When is the best time to give or receive therapy?
The majority of people seeking counselling or psychotherapy need their sessions to fit in or around their busy lives, which means that early morning, evening or weekend appointments are the most sought after. But which works best?
Some people are early birds, others night owls. This applies to therapists too. If you ask some practitioners whether they would prefer to practice at 6am or 6pm the answer will be a no-brainer. They either could not contemplate thinking with a client (or thinking at all) before 10am and a generous intake of caffeine. Or they would baulk at the idea of still having energy and enough to give after teatime.
However, science seems to point at early mornings being the most effective time for therapeutic work. A recent study by the genetics department at Exeter University showed that people identifying as early birds have higher levels of happiness and are at a lower risk of depression than night owls. And a Texas University study showed that early risers have consistently higher grades than those burning the night oil.
All of this seems to show that the working therapist might be more alert and effective during early morning sessions, but what about the clients?
Our cortisol levels are highest at the start of the day, which could make the early hours the optimal time for clients with anxiety to have their appointments. Cortisol is the hormone that regulates fear and stress, and studies* have shown that our levels of it make a real difference to our ability to regulate anxiety and deal with emotional difficulties.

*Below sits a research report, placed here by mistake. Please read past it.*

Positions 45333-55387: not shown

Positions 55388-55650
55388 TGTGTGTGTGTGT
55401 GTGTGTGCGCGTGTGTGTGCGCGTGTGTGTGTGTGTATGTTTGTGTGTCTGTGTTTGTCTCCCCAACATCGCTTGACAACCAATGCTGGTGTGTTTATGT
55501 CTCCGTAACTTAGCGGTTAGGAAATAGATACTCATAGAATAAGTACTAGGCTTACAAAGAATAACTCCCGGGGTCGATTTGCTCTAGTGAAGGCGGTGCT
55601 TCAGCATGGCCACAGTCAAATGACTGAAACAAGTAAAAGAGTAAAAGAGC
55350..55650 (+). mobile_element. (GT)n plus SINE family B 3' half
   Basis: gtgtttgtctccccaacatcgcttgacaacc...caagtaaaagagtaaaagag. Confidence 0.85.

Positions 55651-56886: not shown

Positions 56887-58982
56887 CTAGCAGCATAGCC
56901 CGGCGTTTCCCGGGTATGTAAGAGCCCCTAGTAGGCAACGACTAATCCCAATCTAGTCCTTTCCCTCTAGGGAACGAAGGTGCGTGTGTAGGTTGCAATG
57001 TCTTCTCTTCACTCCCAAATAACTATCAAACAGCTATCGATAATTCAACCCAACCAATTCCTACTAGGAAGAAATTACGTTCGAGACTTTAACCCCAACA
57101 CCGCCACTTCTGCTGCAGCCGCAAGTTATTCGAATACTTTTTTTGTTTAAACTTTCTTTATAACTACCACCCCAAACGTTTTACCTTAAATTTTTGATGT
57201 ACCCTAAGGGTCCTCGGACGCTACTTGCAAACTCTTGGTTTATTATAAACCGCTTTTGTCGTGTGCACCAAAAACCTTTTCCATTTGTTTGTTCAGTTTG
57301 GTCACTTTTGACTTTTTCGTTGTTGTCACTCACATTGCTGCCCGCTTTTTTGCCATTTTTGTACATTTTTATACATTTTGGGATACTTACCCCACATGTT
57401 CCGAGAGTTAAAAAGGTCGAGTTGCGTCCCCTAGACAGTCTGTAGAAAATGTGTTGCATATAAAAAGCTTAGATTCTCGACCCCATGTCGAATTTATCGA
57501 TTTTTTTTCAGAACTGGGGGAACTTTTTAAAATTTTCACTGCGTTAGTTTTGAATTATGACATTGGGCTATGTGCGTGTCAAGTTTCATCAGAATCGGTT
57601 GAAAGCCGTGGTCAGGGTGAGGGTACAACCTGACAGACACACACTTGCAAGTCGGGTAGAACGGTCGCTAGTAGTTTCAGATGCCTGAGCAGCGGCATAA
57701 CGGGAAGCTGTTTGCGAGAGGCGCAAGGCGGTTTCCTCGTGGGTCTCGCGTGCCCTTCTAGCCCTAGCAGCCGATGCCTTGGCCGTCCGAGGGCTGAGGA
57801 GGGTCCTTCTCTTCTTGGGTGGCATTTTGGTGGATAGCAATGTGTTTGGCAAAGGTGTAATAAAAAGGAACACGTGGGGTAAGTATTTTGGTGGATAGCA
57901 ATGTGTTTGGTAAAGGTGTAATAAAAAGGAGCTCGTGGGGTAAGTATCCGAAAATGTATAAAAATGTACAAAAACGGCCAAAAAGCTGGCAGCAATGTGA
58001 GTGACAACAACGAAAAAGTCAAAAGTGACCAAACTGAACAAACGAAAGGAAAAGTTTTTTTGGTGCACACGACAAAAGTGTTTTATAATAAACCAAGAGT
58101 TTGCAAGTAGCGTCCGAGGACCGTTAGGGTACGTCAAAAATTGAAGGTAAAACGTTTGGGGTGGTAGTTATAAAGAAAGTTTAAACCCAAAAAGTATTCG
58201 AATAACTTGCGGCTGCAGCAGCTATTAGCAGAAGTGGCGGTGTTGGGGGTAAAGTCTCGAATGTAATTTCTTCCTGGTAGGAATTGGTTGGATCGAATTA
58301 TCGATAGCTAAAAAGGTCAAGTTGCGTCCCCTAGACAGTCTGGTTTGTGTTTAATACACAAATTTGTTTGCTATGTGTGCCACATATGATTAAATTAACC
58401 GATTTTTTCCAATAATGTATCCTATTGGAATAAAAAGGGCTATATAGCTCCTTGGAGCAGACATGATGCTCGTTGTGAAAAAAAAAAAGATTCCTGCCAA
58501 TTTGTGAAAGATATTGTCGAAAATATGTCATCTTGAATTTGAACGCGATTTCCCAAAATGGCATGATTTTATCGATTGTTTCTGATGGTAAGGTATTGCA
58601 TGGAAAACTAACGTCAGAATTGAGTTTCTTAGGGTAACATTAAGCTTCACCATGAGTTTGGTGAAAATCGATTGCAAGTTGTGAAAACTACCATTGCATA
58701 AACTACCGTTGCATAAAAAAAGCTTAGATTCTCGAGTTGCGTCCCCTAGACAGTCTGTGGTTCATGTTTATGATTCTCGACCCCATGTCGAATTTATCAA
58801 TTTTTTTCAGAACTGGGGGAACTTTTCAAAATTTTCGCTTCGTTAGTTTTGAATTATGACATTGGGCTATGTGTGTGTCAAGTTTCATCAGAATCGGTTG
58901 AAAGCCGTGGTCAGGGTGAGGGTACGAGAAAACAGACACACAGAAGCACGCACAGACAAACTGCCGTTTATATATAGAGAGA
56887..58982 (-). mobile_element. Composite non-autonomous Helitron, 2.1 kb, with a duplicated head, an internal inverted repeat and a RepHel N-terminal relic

There is a fear though, that although clients might be more focussed in the morning, they may not be able to switch off from their reflections before work or that there might be some fallout during the working day.
Two days a week my first appointment is at 7am. As an inveterate night owl and someone who finds it hard to go to bed before, say 1am, this is something that caused a certain amount of horror and concern when I first started my private practice. However, I now really value this work. From the early morning walk through dark and silent streets to the strong coffee and a croissant held in mind as treat and reward when I finish at 10, I really enjoy this work.
It is true that clients sometimes access something painful and difficult during their sessions, but I have learned to contain and stop this emotional work a few minutes before the end of the session. This gives the client time to package things back up before they have to go and face the world again. I have also discussed the value of the client taking a few minutes to jot down some notes about what happened in the session so that they can put it aside to reflect upon later, after work. I have also raised how taking a few minutes to have a walk can buffer them a little so it doesn’t feel like such an abrupt transition from therapy to work.
On other days of the week I have clients from 2pm to 9pm, and can I honestly say I have a better connection with the morning clients? Well perhaps not. All our work with clients depends on the connection we make with them, and it is different in every case. However, I do certainly feel that with my early morning clients, we are both coming to the session as (relatively) clean slates, and in a more open and contemplative state than we might be later in the day.
* published in the journal Psychoneuroendocrinology